The Cyprus rugby team, who played its first match less than six years ago, could make history on Saturday by equalling the world record for consecutive test rugby wins.
The 'Moufflons', affectionately named after the horned sheep that's indigenous to the country's mountainous regions, are on a 17-game winning streak.
On the weekend they face Bulgaria who Cyprus thrashed 94-3 the last time the teams met in 2012.
With just one defeat in 21 games, two successive promotions have lifted the Moufflons from the third tier of rugby playing nations to a victory shy of becoming joint world record holders on 18 consecutive victories, alongside Lithuania.
Head coach Paul Shanks, a Welshman and Royal Air Force officer who travels from his home in the southeast of England a few days before each game, insists the record is not the priority.
Rugby was originally a sport played exclusively by foreign military personnel at the island's two British sovereign bases and United Nations barracks.
It was not until 2003 that Cyprus's first independent rugby club was established when a group of Cypriots, who relocated from South Africa back to Cyprus, together with British expats living in the western coastal town of Paphos, formed the Paphos Tigers.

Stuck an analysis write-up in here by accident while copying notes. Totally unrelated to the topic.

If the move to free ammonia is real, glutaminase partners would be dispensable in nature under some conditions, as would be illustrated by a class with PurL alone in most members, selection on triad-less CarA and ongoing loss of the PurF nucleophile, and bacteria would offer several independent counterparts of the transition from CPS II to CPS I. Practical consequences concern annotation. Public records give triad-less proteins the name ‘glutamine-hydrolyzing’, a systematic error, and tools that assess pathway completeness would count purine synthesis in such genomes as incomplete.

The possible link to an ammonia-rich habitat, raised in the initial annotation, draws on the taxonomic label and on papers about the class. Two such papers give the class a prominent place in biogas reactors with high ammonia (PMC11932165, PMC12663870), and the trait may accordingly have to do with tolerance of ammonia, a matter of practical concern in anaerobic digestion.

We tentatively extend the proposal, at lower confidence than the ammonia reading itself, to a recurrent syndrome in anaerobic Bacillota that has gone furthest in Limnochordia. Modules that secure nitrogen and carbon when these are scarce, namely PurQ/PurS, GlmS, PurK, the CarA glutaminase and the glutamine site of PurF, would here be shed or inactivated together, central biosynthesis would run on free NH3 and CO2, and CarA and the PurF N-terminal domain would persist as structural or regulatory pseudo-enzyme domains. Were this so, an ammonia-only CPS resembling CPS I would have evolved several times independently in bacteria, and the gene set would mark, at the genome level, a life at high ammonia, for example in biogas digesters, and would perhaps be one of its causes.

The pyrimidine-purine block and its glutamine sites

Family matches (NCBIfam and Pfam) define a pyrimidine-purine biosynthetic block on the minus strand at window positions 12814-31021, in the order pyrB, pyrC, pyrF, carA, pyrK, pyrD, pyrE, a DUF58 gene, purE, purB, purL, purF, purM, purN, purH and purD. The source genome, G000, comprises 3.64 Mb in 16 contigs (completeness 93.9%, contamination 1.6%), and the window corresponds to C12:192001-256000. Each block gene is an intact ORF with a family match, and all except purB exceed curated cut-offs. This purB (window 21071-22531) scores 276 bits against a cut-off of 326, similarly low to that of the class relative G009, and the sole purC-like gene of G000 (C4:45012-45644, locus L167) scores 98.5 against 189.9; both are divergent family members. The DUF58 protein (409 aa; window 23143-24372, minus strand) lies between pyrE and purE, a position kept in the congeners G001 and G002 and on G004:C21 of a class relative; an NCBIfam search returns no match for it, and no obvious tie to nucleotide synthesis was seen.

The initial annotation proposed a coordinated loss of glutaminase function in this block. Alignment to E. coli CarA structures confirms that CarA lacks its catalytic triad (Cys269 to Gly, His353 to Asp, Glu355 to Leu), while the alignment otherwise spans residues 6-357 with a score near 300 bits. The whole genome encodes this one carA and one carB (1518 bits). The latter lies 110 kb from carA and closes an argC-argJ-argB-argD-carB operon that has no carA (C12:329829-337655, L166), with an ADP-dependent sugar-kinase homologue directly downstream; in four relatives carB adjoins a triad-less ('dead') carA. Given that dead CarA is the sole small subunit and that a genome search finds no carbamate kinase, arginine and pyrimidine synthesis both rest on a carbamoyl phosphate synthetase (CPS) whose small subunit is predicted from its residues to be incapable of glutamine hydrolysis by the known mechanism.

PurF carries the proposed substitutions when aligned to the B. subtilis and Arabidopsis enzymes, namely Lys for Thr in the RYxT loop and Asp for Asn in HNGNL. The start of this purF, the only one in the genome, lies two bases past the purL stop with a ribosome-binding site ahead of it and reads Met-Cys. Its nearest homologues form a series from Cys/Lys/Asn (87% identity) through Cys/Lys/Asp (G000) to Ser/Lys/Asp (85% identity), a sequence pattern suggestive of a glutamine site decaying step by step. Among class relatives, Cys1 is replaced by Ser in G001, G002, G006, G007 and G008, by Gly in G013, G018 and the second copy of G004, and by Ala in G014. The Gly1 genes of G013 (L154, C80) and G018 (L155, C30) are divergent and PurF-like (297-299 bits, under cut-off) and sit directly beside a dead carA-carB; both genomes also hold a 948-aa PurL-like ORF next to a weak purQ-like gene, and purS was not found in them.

This was followed by two more teams, one in Nicosia and another in Limassol. As they grew, so did their ambitions with a pool of only around 70 players.
The national squad includes students, trainee accountants, teachers, an architect and a managing director of an online gaming company.
However, in a sign of how unknown the sport is to the soccer-obsessed islanders, it is unlikely that more than 1500 spectators will be there to watch.
In a country where the sports pages are dominated by football and the occasional story trailling the fortunes of the country's top tennis player Marcos Baghdatis, the success an amateur squad has had with the oval ball has gone largely unnoticed.
Judging by the surprised reaction of most locals at merely the mention of the existence of a Cyprus rugby side, it is safe to say that the sport is yet to capture the hearts and minds of the island's 840,000 population.